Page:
Tax Court confirms that arrears interest on taxes resulting from GAAR assessment accrue from the taxpayer’s balance-due day
In Quinco Financial Inc. v. R. (2016 TCC 190), the Minister of National Revenue had assessed Quinco under section 245 (the “GAAR”) of the Income Tax Act (Canada) (“ITA”) to deny certain claimed capital losses. Arrears interest on the resulting tax due was also assessed, which the Minister computed from Quinco’s “balance-due day”. The “balance-due day” is the deadline by which a taxpayer is required to pay to the Receiver General certain amounts payable under the ITA for a particular taxation year. For a corporate taxpayer, it is either two or three months after the end of the particular taxation year, depending on the circumstances.
Quinco took the position that it should not be liable for arrears interest on the assessed tax debt for the period prior to the assessment date. It proffered numerous arguments to support its position. The most interesting argument was that, although a GAAR assessment requires a determination of the tax consequences reasonably necessary to deny the tax benefit, it does not permit or extend to the recharacterization of the transaction for any other tax purposes; therefore, a taxpayer’s liability for interest does not arise until the date of the reassessment.
Justice Bocock rejected this argument and explained that an assessment under the GAAR,
“whether alone or in conjunction with another technical omission or non-compliant act, is not an assessment divorced from the other provisions of the Act.”
Here, the assessment was raised utilizing the GAAR, but the assessment “insinuated itself into Part I of the Act to reassess the taxpayer otherwise in the normal course.” Justice Bocock held that subsection 161(1) arrears interest accrues on any tax payable determined under the GAAR from the balance-due day until the GAAR assessment issuance date (and onwards until payment of the tax payable).
Canadian and provincial income taxes are assessed on worldwide income on the basis of a taxpayer’s residence. Subsection 104(2) of the Income Tax Act (the “Tax Act”) provides that a trust is deemed to be an “individual” for purposes of the Tax Act. Consequently, trusts that are resident in Canada or deemed to be resident in Canada will be taxed on their worldwide income as opposed to only their Canadian source income. Despite the tax implications accompanying a taxpayer’s residency status, the Tax Act provides little in the way of guidance for determining the residency of a trust. As a result, Canadian courts have been tasked with making this determination.
Central Management and Control
In 2009, Garron Family Trust (Trustee of) v. R. changed the long-standing approach to determining the residency of trusts in Canada. The test set out in Garron provides that the residency of a trust is where the central management and control of the trust actually takes place. The court clarified that the assessment into who has central management and control is a question of fact to be examined on a case by case basis. In concluding that the central management and control of the Summersby and Fundy trusts (the “S&F Trusts”) resided with the beneficiaries, the court considered several factors, including:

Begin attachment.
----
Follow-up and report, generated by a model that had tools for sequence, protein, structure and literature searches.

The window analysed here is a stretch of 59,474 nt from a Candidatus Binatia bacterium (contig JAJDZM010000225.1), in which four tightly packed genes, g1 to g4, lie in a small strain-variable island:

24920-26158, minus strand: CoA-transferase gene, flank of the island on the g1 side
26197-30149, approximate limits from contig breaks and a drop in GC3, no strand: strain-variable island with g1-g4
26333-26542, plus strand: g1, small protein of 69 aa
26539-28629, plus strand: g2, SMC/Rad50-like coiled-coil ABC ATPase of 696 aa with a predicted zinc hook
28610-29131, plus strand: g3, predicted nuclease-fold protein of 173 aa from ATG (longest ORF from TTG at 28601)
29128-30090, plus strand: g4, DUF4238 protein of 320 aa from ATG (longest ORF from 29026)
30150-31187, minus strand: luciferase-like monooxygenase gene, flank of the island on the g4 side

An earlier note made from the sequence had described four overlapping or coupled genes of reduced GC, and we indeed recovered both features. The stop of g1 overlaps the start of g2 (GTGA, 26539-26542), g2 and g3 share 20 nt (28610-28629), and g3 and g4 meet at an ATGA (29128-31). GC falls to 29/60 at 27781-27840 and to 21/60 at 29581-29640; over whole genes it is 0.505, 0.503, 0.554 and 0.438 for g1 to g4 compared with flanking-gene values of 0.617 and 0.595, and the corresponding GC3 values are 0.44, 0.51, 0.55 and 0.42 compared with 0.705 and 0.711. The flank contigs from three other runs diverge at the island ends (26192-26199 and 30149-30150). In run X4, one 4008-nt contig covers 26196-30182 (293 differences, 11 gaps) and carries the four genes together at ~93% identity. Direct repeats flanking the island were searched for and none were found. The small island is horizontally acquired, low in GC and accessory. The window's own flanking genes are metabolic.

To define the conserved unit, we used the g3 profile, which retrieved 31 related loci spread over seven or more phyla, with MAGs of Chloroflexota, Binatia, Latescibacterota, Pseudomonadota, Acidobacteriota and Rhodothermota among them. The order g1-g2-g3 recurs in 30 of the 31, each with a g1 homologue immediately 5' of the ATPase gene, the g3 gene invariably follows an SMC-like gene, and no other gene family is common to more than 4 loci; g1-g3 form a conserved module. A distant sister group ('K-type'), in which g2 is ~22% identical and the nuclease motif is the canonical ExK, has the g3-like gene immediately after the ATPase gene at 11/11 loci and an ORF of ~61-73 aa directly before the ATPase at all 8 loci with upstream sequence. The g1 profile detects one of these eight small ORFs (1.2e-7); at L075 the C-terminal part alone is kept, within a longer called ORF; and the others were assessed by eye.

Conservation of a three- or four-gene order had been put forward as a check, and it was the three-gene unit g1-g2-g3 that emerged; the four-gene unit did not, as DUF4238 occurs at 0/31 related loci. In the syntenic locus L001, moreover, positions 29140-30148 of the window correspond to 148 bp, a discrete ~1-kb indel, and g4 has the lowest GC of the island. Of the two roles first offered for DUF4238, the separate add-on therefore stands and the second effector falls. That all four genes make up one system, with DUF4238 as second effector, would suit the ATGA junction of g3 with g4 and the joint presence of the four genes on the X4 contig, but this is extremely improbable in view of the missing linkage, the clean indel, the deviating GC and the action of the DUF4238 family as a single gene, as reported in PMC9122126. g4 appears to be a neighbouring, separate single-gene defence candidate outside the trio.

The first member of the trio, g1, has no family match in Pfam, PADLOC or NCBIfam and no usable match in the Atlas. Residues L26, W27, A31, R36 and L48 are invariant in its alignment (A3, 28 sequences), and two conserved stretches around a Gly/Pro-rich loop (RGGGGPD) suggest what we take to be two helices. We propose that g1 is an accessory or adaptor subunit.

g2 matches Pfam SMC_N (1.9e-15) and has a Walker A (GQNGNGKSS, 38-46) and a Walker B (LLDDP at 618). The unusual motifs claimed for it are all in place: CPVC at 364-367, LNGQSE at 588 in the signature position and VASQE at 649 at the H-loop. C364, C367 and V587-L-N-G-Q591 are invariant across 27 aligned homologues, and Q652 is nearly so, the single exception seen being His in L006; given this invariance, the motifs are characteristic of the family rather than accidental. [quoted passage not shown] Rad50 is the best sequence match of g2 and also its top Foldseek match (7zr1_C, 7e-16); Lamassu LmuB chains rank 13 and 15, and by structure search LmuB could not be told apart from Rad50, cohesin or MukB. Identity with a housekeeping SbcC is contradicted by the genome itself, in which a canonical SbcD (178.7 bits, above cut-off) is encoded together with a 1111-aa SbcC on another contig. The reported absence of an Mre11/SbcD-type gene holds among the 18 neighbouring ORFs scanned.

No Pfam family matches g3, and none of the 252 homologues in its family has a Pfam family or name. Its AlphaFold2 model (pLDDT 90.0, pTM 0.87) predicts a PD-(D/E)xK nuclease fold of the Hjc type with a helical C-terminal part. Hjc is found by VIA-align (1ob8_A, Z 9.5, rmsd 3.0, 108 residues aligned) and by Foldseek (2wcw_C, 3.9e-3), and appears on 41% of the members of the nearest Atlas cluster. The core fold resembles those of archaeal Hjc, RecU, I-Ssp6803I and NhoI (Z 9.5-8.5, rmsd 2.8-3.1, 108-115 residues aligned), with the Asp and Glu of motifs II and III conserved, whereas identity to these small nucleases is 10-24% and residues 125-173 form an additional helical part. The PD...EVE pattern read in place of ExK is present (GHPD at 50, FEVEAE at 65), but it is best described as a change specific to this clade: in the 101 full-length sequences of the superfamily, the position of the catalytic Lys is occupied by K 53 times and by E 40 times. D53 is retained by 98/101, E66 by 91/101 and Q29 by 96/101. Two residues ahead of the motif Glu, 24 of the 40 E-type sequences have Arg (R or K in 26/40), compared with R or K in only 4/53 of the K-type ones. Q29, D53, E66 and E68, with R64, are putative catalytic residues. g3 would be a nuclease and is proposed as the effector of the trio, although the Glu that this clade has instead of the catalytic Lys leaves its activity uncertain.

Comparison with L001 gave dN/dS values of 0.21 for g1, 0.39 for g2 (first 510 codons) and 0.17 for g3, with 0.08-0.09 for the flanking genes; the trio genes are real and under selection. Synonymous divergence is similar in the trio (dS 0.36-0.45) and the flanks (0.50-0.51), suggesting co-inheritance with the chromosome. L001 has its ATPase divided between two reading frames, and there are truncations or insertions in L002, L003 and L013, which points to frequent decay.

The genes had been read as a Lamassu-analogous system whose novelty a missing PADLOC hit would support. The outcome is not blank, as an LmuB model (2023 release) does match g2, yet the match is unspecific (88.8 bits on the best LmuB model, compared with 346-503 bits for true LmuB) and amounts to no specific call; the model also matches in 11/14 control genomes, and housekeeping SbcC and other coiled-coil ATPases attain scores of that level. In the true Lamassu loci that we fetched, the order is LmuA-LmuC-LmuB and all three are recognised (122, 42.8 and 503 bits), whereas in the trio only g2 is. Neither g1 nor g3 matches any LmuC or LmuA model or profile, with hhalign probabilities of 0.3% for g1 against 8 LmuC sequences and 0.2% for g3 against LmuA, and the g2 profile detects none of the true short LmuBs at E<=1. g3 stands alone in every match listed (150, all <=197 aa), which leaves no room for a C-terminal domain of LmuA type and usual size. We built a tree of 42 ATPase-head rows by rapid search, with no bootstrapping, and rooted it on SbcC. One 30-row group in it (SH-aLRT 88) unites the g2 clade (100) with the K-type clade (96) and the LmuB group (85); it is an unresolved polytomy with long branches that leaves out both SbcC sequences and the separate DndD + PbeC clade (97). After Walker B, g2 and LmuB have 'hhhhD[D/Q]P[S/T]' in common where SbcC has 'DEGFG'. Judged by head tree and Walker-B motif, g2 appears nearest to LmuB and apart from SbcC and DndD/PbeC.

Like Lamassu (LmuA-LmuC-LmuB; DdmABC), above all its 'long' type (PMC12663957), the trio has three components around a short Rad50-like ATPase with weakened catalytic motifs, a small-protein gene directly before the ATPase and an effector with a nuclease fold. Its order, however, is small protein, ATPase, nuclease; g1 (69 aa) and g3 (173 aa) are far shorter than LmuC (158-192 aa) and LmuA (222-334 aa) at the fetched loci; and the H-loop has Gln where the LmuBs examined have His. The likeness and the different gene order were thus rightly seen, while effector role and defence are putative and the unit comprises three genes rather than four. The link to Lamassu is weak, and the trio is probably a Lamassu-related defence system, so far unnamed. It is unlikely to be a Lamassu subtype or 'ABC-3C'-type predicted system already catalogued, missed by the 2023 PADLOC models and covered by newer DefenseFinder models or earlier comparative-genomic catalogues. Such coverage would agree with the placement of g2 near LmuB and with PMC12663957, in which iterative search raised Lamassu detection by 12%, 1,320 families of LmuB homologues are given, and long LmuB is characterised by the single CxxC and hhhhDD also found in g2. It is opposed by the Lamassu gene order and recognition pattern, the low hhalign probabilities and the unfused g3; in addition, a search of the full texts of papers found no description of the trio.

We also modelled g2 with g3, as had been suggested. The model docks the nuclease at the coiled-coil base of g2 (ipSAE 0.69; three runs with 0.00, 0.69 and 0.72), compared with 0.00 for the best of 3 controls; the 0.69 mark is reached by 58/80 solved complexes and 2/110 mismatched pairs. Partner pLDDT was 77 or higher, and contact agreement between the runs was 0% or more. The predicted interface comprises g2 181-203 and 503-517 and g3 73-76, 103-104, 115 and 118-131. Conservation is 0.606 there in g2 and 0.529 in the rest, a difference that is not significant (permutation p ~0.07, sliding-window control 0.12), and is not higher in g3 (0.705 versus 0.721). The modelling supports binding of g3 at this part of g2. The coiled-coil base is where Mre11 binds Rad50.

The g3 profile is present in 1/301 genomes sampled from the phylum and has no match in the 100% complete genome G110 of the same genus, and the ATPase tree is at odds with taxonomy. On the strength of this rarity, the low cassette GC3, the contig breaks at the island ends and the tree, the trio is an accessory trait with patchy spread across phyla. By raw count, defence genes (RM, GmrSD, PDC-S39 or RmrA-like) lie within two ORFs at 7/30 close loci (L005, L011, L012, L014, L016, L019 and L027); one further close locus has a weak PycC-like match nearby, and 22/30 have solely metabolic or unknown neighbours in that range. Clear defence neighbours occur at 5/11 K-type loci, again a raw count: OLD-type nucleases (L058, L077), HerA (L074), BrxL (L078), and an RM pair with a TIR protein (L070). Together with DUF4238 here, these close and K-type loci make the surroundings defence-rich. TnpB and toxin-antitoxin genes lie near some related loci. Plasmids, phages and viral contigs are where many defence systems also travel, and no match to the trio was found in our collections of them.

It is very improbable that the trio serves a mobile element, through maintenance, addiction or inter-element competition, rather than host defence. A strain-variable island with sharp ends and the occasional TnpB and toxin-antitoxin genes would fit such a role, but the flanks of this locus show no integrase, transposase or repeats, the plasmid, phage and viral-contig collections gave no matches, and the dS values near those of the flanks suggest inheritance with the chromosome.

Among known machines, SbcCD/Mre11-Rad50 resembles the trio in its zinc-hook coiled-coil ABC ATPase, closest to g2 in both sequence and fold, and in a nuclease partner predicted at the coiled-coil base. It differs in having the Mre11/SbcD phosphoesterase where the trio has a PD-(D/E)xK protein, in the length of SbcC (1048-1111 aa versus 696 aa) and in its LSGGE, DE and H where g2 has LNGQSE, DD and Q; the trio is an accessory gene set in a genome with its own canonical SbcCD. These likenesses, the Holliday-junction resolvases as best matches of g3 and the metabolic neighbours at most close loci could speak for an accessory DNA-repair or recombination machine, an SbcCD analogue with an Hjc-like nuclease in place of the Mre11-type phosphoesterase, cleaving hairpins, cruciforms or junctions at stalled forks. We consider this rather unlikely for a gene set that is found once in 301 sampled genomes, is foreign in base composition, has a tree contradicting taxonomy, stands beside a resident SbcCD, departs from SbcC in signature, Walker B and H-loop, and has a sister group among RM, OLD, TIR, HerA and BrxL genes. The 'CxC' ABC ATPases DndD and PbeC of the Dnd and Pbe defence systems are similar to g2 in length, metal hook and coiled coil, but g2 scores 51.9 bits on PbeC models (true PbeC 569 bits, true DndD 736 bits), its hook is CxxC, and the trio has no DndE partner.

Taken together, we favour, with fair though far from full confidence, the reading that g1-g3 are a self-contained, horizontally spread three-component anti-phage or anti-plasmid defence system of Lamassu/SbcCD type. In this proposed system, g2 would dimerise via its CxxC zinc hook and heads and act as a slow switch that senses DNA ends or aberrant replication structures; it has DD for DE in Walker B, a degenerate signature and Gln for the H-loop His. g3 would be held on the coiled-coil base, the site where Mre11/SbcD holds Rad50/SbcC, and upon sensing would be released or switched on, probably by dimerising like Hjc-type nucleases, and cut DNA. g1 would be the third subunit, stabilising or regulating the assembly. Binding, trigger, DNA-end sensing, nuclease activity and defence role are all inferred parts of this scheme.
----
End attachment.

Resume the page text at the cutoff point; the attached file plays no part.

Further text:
- Whether the evidence or lack of evidence demonstrated an active or passive role taken by the trustee in its management of the trust;
- The true controlling minds behind investment decisions and management of the S&F Trusts’ assets;
- The use of a protector mechanism to exert control over the trustee;
- The beneficiaries’ demonstrated interest in the trustee’s management of the S&F Trusts;
- The trustee’s expertise in managing trusts; and
- The trustee’s knowledge of the transactions it had been asked to approve.
In a summary judgment released on September 16, 2015, the Federal Court of Canada examined and disposed of the non-constitutional arguments in the Hillis and Deegan case generally finding that the automatic data collection and disclosure of taxpayer information to the United States by Canada pursuant to the Canada-U.S. Intergovernmental Agreement (IGA) is not inconsistent with the Canada – U.S. Tax Treaty (Tax Treaty) and does not otherwise violate the taxpayer confidentiality provisions in section 241 of the Income Tax Act (Canada) (ITA).
The plaintiffs had originally filed a claim seeking a declaration that the relevant provisions under the Canada – U.S. Tax Information Exchange Agreement Implementation Act (IGA Implementation Act) which implements the IGA are ultra vires or inoperative because the impugned provisions are unconstitutional or otherwise unjustifiably infringe Charter rights. An amended statement of claim was subsequently filed adding the non-constitutional arguments. The plaintiffs sought a permanent prohibitive injunction preventing the collection and automatic disclosure of taxpayer information to the United States by the CRA. A special sitting of the Court was scheduled so that the issues could be disposed of before taxpayer information was to be automatically sent pursuant to the IGA.
The Canadian government’s position was that the collection of taxpayer information is authorized by the IGA and that disclosure to the United States is not inconsistent with the Tax Treaty or in violation of section 241 of the ITA.
In its decision, the Federal Court endorsed the general reasoning and the legal arguments submitted by the government.